Failover is a backup operational mode in which the functions of a system component are assumed by a secondary component when the primary component becomes unavailable -- either through failure or scheduled down time. Failover is an integral part of mission-critical systems.
What does failover do?
The purpose of failover is to make a system more fault-tolerant. Failover can apply to any aspect of a system: within an personal computer, for example, failover might be a mechanism to protect against a failed processor; within a network, failover can apply to any network component or system of components, such as a connection path, storage device, or Web server. For example, a failover server is when a backup server is set up and prepared to take over when the primary server fails.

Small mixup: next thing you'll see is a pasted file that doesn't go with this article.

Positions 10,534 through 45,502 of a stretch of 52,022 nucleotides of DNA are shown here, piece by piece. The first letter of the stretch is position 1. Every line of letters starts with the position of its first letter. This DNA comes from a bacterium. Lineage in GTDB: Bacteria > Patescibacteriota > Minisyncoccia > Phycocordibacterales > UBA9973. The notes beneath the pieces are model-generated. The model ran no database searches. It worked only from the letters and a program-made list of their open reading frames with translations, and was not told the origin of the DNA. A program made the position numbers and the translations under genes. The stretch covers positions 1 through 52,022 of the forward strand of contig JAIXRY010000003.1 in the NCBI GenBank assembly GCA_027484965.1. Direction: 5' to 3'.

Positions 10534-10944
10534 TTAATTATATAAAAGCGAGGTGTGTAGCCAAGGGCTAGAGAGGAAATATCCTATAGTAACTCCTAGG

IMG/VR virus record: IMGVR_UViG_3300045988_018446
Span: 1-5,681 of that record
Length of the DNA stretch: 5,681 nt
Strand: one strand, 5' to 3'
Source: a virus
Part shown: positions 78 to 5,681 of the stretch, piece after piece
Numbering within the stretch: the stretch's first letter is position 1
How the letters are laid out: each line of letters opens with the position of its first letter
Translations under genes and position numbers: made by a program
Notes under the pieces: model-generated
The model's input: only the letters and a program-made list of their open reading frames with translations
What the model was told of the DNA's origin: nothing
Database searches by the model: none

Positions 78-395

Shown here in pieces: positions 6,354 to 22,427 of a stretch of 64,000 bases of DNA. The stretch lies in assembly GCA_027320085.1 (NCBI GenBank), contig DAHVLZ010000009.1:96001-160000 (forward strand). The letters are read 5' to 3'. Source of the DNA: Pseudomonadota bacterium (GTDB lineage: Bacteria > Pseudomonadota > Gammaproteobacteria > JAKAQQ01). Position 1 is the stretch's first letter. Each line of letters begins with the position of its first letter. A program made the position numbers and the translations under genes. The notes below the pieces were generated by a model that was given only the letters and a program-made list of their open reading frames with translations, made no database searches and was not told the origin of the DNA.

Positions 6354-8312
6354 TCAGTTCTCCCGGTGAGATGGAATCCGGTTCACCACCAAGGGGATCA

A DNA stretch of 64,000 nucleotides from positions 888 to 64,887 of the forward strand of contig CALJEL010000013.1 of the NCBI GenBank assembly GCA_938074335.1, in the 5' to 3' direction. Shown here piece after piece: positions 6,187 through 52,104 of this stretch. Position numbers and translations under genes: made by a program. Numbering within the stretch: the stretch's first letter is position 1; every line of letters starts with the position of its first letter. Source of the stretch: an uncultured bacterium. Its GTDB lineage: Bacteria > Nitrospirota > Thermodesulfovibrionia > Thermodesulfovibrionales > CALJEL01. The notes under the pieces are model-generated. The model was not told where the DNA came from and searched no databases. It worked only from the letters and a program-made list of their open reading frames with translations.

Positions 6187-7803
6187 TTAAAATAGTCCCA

How does failover work?
Failover involves automatically offloading tasks to a standby system component. The procedure should be as seamless as possible to the end user. The capacity for automatic failover means that normal functions can be maintained despite the inevitable interruptions caused by problems with equipment.
Why is failover important in the data center?
Originally, stored data was connected to servers in very basic configurations: either point-to-point or cross-coupled. In such an environment, the failure (or even maintenance) of a single server frequently made data access impossible for a large number of users until the server was back online.
The emergence of storage area networks (SANs), made any-to-any connectivity possible among servers and data storage systems. In general, storage networks use many paths - each consisting of complete sets of all the components involved - between the server and the system. A failed path can result from the failure of any individual component of a path. Multiple connection paths, each with redundant components, are used to help ensure that the connection is still viable even if one (or more) paths fail.